A curriculum out of time
what is the point of school, anyway? Not to learn to read, write and count.
Or to study creative arts. Or, indeed, to acquire academic knowledge, according to one academic.
John White, of London university's Institute of Education, says schools should be inculcating knowledge relevant to modern society, such as the ability to live healthily, to manage money and to find fulfilment.
In a pamphlet to be published next week, Professor White says: "Schools are widely seen as arenas of competition for success in public examinations and access to well-paid jobs. This picture has a poor understanding of fulfilment."
He believes the existing curriculum, with its emphasis on discrete subjects, is a relic of 19th-century attitudes to schooling. In the 21st century, he argues, such values no longer apply. Instead, policy-makers need to justify why English, maths and science should form part of the curriculum. "We all know some people like listening to music or solving mathematical puzzles," he says. "But when music and mathematics become part of a compulsory school curriculum, the ethical landscape changes."
Today's schools aim to create "successful learners", a term defined by the Qualifications and Curriculum Authority as being able to study independently, communicate well and enjoy learning. But Professor White argues that such criteria would justify the compulsory teaching of Latin or ancient Persian. The QCA's aims, he says, do not answer the fundamental question: "Why do we want to learn the subject?"
He believes that teachers need to weigh up the qualities society considers important, such as basic literacy, numeracy and information technology, kindness and independence, and help inculcate these qualities upon pupils.
His curriculum aims come under four headings: personal fulfilment, social and civic involvement, contribution to the economy and practical wisdom.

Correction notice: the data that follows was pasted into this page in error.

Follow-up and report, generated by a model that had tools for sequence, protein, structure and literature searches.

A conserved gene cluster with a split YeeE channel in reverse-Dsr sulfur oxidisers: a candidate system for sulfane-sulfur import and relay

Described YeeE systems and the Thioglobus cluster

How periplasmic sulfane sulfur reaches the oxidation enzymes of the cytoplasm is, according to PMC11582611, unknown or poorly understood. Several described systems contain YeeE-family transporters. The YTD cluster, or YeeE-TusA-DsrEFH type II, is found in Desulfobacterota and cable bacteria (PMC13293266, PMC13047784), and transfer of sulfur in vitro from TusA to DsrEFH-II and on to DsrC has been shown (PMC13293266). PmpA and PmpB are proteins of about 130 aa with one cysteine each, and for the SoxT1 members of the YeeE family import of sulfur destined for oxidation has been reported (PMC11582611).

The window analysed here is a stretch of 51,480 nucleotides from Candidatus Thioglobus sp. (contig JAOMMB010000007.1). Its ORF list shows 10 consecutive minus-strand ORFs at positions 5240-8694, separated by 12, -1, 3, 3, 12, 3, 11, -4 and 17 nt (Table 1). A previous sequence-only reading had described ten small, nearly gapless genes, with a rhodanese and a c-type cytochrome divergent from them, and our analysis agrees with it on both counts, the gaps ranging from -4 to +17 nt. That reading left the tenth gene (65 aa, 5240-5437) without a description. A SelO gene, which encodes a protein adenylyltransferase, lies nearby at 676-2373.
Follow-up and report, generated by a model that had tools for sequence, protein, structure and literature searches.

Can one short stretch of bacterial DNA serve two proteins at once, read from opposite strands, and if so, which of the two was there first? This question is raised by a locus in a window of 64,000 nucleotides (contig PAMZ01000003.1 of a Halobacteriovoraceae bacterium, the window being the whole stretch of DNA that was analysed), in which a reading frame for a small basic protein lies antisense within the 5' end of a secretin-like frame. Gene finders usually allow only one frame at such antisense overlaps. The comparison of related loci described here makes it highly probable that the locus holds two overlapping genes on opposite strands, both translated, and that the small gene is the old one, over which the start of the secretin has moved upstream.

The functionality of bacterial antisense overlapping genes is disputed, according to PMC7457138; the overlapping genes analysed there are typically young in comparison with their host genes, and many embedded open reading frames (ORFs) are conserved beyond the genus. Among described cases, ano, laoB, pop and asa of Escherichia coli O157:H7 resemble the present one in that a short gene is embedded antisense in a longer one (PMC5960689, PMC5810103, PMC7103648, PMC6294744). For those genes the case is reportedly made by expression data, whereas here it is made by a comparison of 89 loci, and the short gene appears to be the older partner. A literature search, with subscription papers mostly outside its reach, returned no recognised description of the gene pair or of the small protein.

The first covers the pursuit of knowledge. Pupils should acquire the skills to enable them to participate in their preferred activities.
The second helps pupils to understand that personal fulfilment is closely tied to other people's. "We want pupils, as citizens in the making, to be committed to such basic democratic values as political equality, self-determination, freedom of thought and action," says Professor White.
For people to contribute to the economy, they need to learn to work collaboratively and be aware of advances in science and technology. They should also understand how environmental concerns and workers' rights affect the economy.
Practical wisdom would be acquired through thinking rationally, imaginatively and flexibly, with respect for evidence.
"People differ over what they see as worthwhile," he says. "It is all too easy to impose one's own value judgments on others.
"Some believe, for instance, that intellectual and artistic activities pursued for their own sake are goods of higher value than any others. But are they right? Or are they really talking about their own personal preferences?"
What Schools Are For and Why by John White, pound;6.99. Email firstname.lastname@example.org
The White way to teaching wisdom
Experience many absorbing activities
Engage in close relationships
Live a healthy life and understand what makes for this
Make competent decisions in relation to managing money
Social and civic involvement
Communicate with other people appropriately
Play is a helpful part in the life of the school and community
Critically assess the role of the media
Reflect on human nature, its commonality and diversity Contribution to the economy
Work collaboratively in the production of goods or services for the school or community
Be aware of the rights of workers and employers
Critically examine how wealth is created and distributed
Be aware of the impact of science, technology and global markets on work prospects
Sensibly manage desires
Learn to cope with setback, change of circumstance and uncertainty
Resist pressure from peer groups, authority figures and the media
Strike a sensible balance between risk-taking and caution